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Indonesia's Sriwijaya Air plane suspected to have crashed with more than 60 on board; search and rescue under way

 A Sriwijaya Air plane was suspected to have crashed on Saturday (Jan 9) with more than 60 people on board, said Indonesian authorities. 

The plane had been en route to Pontianak in West Kalimantan province.

A spokesperson from the Indonesian transport ministry said the commercial flight SJY182 took off at about 2.45pm WIB and was scheduled to land in Pontianak at 4.15pm. 

"The control tower's last contact with the plane was at 3.40pm before the contact was lost," said the spokesperson in an exchange on WhatsApp. 

A flight tracker map showing Sriwijaya Air Flight SJ182 after it took off from Soekarno-Hatta International Airport. (Image: Twitter/Flightradar24)

Sriwijaya Air, which has about 19 Boeing jets that fly to destinations in Indonesia and Southeast Asia, told CNA that there were 62 passengers on board, including 40 adults, 7 children, and three infants. A total of 12 airline employees were on the plane including six who were operating the flight.

The head of the national transport safety committee, Soerjanto Tjahjanto, said in a press conference at about 10pm Sunday night that all the passengers were Indonesians. 

"That's why we haven't notified other countries, apart from the US (as the plane was a Boeing)," he said.

FlightRadar24 tweeted that the plane had lost more than 10,000 feet of altitude in less than one minute, just four minutes after departing from Jakarta.

The aircraft is a 27-year-old Boeing 737-500, according to registration details included in the tracking data.

A Boeing spokeswoman said: "We are aware of media reports from Jakarta, and are closely monitoring the situation. We are working to gather more information".


Surachman, a local government official, told Kompas TV that fishermen found what appeared to be the wreckage of an aircraft in waters north of Jakarta and a search was underway. Other channels showed pictures of suspected wreckage.

"We found some cables, a piece of jeans (sic) and pieces of metal on the water," Zulkifli, a security official, told​​​​​​​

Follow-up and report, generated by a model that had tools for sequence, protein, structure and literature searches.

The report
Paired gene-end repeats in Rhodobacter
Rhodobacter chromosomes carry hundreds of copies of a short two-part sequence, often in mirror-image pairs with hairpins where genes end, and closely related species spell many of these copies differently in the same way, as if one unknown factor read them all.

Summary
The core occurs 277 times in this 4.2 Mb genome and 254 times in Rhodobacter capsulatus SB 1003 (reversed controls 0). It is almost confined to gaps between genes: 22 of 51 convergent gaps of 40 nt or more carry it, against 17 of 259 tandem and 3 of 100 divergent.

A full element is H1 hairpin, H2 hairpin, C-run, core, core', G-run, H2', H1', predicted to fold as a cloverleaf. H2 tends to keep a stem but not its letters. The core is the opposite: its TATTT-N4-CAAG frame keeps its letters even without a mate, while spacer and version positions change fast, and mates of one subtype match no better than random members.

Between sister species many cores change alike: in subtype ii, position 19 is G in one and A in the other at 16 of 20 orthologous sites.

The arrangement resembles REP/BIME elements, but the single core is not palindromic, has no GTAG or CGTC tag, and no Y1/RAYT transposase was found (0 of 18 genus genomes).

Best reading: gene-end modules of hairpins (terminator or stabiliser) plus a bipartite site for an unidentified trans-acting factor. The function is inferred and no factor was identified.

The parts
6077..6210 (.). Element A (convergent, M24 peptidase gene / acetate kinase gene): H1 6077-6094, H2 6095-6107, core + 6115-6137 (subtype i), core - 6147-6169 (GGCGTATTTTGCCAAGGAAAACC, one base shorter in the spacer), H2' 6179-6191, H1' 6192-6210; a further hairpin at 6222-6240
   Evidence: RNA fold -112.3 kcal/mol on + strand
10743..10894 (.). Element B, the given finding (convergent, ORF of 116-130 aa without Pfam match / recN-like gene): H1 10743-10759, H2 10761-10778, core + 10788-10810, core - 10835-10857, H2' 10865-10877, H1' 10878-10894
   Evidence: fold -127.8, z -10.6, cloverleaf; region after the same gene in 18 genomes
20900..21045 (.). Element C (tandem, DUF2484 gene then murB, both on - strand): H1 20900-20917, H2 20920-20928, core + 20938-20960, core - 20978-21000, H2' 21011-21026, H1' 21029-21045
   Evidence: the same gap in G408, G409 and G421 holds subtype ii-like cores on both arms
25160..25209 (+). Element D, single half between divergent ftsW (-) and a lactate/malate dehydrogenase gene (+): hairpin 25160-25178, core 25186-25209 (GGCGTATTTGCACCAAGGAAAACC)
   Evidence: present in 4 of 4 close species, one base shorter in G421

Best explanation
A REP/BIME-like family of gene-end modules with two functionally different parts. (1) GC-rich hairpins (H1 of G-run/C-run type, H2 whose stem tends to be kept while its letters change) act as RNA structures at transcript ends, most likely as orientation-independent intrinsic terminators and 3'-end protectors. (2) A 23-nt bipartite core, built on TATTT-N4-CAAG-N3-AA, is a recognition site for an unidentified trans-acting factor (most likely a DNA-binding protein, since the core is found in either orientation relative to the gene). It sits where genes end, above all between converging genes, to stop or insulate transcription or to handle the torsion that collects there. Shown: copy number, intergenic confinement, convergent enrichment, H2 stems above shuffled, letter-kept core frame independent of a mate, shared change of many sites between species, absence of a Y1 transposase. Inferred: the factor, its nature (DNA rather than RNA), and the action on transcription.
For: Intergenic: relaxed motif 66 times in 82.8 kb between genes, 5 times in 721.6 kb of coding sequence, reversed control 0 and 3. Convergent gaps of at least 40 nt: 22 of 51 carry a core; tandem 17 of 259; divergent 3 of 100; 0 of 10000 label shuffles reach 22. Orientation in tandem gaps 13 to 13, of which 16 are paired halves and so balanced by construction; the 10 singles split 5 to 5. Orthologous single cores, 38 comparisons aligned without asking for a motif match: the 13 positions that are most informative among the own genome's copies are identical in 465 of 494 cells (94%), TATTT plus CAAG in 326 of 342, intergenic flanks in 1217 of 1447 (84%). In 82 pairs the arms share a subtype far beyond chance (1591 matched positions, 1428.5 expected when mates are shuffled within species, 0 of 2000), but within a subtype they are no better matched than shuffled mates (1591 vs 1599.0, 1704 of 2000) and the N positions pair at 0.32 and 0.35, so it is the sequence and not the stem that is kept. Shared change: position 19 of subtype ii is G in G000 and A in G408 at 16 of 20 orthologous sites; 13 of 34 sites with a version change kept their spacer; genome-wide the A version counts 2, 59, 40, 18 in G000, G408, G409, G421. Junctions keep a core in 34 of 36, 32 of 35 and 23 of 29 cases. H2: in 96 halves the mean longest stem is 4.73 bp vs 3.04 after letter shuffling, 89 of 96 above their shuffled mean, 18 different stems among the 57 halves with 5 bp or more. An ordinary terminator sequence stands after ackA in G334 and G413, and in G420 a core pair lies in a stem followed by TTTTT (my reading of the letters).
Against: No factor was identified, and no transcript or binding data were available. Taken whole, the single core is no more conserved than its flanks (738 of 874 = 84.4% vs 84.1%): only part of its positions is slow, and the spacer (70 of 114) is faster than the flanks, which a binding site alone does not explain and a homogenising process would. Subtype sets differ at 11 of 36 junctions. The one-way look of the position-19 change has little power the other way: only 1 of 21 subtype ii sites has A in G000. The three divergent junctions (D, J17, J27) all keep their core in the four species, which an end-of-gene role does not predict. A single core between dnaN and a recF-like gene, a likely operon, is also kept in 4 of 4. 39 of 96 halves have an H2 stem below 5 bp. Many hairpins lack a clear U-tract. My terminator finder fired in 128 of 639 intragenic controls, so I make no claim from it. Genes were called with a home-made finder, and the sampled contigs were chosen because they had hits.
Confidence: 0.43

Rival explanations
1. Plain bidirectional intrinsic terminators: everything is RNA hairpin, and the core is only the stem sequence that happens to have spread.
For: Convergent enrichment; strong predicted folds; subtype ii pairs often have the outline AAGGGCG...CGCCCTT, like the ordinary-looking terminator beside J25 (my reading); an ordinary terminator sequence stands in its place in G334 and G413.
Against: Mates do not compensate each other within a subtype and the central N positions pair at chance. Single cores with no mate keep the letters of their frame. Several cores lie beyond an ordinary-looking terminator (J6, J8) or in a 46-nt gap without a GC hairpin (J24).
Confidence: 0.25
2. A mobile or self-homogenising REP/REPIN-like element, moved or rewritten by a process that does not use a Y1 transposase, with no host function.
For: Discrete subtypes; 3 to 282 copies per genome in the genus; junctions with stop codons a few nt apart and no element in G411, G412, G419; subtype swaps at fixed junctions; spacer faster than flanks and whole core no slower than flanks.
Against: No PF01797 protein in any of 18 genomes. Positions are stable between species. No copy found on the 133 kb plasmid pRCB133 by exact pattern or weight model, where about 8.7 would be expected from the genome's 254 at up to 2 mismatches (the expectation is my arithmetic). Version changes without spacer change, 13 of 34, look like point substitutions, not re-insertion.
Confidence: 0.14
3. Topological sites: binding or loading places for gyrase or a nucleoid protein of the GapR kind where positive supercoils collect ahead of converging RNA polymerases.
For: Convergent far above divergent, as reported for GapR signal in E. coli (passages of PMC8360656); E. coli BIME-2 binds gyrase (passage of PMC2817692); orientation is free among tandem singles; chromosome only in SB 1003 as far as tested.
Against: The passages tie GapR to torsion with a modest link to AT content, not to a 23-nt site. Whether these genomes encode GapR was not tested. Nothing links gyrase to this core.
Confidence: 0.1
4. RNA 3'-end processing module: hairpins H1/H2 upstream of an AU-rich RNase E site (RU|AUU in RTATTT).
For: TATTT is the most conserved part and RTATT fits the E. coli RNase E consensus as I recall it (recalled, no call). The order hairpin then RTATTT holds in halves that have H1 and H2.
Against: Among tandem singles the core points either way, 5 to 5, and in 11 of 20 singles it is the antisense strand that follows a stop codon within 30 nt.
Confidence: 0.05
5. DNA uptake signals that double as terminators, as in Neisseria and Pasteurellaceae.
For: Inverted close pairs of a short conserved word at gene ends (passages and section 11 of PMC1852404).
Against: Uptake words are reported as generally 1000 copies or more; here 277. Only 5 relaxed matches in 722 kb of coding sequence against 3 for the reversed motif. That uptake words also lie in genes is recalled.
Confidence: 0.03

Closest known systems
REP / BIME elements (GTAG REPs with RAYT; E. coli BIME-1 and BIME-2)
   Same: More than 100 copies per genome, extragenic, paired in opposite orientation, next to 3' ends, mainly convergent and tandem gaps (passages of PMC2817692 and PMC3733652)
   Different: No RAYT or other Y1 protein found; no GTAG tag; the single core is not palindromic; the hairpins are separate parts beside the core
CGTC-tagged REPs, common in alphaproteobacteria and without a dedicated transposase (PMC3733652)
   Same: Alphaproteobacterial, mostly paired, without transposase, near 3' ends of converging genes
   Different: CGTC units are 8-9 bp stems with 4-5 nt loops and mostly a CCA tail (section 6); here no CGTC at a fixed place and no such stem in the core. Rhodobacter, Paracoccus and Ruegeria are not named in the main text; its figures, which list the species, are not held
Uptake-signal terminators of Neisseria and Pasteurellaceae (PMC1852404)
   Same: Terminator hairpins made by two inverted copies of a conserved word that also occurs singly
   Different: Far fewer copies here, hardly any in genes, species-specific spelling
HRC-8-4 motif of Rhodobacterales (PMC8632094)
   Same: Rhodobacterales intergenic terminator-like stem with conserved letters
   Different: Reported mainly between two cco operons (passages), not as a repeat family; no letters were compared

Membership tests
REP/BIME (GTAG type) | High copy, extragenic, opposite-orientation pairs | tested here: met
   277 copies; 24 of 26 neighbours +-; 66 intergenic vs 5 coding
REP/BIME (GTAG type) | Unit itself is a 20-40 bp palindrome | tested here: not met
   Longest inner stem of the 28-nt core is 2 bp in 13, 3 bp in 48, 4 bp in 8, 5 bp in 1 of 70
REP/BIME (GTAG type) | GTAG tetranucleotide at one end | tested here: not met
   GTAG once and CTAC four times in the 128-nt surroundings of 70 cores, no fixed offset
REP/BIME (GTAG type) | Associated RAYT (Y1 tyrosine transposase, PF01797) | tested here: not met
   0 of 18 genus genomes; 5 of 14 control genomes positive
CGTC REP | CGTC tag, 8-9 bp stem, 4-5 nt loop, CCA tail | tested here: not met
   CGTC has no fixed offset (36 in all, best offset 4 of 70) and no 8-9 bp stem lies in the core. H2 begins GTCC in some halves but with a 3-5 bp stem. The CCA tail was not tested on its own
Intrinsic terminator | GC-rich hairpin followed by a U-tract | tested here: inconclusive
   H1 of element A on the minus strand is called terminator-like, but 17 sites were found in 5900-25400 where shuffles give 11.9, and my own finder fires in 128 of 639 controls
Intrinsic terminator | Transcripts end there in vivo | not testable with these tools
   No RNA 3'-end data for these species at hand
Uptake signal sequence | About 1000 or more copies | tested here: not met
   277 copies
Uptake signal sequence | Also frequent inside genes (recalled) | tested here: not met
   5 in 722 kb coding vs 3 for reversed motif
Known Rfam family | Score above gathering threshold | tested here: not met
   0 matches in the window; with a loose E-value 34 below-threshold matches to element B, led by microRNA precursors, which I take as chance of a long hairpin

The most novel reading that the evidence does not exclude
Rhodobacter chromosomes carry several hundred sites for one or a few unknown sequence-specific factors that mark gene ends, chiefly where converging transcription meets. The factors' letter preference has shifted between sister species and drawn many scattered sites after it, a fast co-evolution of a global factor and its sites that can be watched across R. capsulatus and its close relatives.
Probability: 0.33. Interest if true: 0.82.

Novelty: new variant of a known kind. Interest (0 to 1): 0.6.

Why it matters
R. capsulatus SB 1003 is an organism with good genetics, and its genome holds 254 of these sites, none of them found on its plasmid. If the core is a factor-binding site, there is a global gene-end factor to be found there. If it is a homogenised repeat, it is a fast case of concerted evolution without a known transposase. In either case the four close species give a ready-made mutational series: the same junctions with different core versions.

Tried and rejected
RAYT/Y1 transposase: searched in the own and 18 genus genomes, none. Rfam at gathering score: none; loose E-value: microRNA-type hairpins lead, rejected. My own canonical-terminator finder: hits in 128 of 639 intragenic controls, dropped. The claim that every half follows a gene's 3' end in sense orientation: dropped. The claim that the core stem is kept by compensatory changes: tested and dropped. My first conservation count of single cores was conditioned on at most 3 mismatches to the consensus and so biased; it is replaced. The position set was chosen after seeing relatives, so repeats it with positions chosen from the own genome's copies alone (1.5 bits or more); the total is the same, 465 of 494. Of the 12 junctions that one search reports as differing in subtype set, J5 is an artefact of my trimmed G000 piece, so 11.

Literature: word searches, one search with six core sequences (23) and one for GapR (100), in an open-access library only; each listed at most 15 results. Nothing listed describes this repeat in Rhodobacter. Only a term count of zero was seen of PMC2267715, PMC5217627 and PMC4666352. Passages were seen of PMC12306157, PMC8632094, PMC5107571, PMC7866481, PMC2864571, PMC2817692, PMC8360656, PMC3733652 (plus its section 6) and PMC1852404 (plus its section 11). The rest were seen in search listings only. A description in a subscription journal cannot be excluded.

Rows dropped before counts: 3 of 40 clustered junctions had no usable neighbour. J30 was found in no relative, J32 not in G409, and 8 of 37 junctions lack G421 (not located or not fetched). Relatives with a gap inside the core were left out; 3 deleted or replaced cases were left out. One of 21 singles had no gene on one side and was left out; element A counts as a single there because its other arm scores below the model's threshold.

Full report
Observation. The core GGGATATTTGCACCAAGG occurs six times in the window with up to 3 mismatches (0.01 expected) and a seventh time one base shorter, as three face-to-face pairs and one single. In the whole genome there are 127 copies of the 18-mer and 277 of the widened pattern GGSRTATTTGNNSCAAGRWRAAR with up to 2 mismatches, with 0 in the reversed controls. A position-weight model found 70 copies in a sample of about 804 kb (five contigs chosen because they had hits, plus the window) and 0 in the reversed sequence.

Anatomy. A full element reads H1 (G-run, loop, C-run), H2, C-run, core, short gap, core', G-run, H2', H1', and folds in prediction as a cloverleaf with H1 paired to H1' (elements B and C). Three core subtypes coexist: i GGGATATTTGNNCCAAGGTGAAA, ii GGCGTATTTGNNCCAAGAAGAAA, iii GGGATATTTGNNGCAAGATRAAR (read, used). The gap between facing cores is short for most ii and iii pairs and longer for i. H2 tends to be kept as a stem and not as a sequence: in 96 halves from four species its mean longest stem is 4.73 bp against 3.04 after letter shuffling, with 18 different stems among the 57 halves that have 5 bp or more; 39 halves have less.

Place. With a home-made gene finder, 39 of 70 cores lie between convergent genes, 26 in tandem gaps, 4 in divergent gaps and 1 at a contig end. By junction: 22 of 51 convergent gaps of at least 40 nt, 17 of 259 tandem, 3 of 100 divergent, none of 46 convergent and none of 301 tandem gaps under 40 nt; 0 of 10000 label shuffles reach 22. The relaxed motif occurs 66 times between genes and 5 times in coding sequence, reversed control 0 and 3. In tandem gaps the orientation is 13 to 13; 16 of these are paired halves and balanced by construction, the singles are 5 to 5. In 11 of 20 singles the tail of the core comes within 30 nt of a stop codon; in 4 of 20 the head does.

Rescue agency official Agus Haryono told Reuters that debris suspected to be from the aircraft was found in the waters north of Jakarta, but did not confirm that it was from the flight. 

In a press conference on Saturday evening, Transport Minister Budi Karya Sumadi said: "At 5.30pm western Indonesian time, the president gave us the order to go all out on the search and rescue operation. Of course Basarnas is on it."

Agus said 50 people were taking part in the search and that they would keep searching into the night.

Basarnas' deputy for search and rescue operations and preparedness, Bambang Suryo Aji, also said in a press conference that teams had been deployed to an area around the Laki and Lancang islands in northern Jakarta, where the plane was believed to have crashed.

Soerjanto said the authorities would interview fishermen who claimed to have seen the plane crashing.

"Whether it's true or not, we'll see tomorrow," he said. 

Also speaking at the late-night press conference with Soerjanto was transport ministry spokeswoman Adita Irawati, who said that the plane seemed to have deviated from its route shortly before going missing.

The air traffic controller tried to contact the plane but it disappeared just seconds later, she said. 

Television footage showed relatives and friends of people aboard the plane weeping, praying and hugging each other as they waited at Jakarta’s airport and Pontianak’s airport.

Founded in 2003, Jakarta-based Sriwijaya Air group flies largely within Indonesia.

The airline has had a solid safety record until now, with no onboard casualties in four incidents recorded on the Aviation Safety Network database, though a farmer was killed when a Boeing 737-200 left the runway in 2008 following a hydraulic problem.

The Boeing 737 is the world's most-sold family of aircraft and has undergone several makeovers since it entered service in 1968.

The 737-500 is two generations of development before the most recent 737 MAX, which has been embroiled in a worldwide safety crisis following crashes in Indonesia and Ethiopia. It does not use the software system implicated in those crashes.

Nonetheless, experts say planes such as Sriwijaya's leased 737-500 are being phased out for newer fuel-saving models. Civil jets typically have an economic life of 25 years, meaning they become too expensive to keep flying beyond that compared to younger models, but they are built to last longer.

Source: channelnewsasia

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